BOSTONIn a letter to the editors of the New England
Journal of Medicine, researchers from two cooperative groups call for
"vigilant monitoring" of patients receiving the combination of
irinotecan (Camptosar), fluorouracil (5-FU), and leucovorin for metastatic
colorectal cancer, due to an excess number of deaths observed in patients
receiving this combination in two randomized NCI-sponsored trials. They added
that specific clinical factors that increase the risk of adverse effects in
patients receiving this regimen have not yet been identified.
The Journal released the letter on May 17, 2001, a month
before its publication date of June 21, 2001, due to its "potential
importance in the treatment of colorectal cancer."
Last year, Saltz et al reported the superiority of the
irinotecan/5-FU/leucovorin combination over irinotecan alone or 5-FU/leucovorin
in the initial treatment of metastatic colorectal cancer (N Engl J Med
343:905-914, 2000). The FDA subsequently approved the treatment, and many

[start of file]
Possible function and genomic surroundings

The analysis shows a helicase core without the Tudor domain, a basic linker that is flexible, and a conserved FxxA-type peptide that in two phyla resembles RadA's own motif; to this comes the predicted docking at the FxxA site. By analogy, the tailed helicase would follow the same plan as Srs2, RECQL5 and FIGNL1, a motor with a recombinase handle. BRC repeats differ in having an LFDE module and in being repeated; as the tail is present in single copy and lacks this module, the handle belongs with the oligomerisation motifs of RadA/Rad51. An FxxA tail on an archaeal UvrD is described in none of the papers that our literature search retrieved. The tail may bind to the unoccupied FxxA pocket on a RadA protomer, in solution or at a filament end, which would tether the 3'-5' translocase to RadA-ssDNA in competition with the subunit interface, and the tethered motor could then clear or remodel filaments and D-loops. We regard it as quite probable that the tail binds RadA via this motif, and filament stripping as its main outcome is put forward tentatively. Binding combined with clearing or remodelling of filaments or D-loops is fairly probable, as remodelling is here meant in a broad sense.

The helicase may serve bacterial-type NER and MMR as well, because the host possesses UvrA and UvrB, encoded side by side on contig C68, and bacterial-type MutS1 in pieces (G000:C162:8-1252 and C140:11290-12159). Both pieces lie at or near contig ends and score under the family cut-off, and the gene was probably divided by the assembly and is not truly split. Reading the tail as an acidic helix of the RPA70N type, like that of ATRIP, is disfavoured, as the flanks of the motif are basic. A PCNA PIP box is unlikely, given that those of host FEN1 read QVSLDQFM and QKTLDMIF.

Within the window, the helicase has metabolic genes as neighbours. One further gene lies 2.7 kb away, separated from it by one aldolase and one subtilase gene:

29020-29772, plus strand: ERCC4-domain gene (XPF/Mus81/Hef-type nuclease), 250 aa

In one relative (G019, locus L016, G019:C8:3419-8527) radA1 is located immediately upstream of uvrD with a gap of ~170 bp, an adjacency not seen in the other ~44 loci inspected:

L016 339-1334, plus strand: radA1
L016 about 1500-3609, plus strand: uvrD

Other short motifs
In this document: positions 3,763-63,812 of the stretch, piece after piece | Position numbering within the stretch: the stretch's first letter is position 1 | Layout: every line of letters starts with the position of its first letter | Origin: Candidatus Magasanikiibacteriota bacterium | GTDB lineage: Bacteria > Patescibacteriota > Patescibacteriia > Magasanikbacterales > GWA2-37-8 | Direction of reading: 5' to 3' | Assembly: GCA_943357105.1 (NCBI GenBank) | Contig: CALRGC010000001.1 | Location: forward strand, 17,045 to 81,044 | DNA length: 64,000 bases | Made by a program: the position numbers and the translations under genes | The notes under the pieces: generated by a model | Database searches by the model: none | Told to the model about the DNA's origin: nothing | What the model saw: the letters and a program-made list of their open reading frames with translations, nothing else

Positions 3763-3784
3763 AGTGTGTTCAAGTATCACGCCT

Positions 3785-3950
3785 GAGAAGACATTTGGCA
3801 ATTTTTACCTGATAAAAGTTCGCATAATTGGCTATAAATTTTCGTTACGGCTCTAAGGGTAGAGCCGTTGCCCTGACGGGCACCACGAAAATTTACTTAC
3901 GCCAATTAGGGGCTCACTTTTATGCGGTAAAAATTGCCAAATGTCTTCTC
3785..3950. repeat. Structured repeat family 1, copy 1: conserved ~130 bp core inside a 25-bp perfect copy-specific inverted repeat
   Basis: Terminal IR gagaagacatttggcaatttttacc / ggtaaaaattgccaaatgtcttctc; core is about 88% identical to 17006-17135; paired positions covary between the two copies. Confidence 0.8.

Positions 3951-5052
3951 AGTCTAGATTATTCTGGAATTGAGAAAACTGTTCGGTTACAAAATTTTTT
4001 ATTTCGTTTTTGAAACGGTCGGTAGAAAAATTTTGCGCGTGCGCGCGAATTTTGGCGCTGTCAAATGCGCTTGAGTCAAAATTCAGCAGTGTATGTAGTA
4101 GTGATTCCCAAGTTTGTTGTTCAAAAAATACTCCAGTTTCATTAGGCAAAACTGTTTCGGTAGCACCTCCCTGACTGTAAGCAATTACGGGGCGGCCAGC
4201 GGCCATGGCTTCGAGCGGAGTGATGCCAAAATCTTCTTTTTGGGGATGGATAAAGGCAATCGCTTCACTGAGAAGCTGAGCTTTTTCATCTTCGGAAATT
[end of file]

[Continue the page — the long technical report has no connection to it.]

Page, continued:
oncologists consider it the standard of care.
Now, researchers conducting North Central Cancer Treatment
Group (NCCTG) trial N9741 and Cancer and Leukemia Group B (CALBG) trial C89803
report "an imbalance in the number of deaths occurring within 60 days
after the initiation of treatment."
In N9741, which involves patients with advanced disease, there
have been 14 deaths in the irinotecan/5-FU/leucovorin arm, compared with 5 each
in the oxaliplatin/5-FU/leucovorin arm and the oxaliplatin/irinotecan arm. In
the second study, a surgical adjuvant trial, there have been 14 deaths among
patients receiving the Saltz combination vs 5 in patients taking
5-FU/leucovorin. The investigators report that on the basis of these data, the
data and safety monitoring boards of both trials recommended that enrollments
in the studies be suspended.
The letter’s authorsDaniel Sargent, PhD, and Michael O’Connell,
MD, Mayo Clinic; Donna Niedzwiecki, PhD, Duke University; and Richard Schilsky,
MD, Chicagostate that the Saltz regimen "should continue to be an
option in this treatment setting, but in our experience has been associated
with an excessive rate of early deaths." They suggest as an alternative
the FDA-approved infusion schedule reported by Douillard et al (Lancet
355:372, 2000) and given in the irinotecan package insert.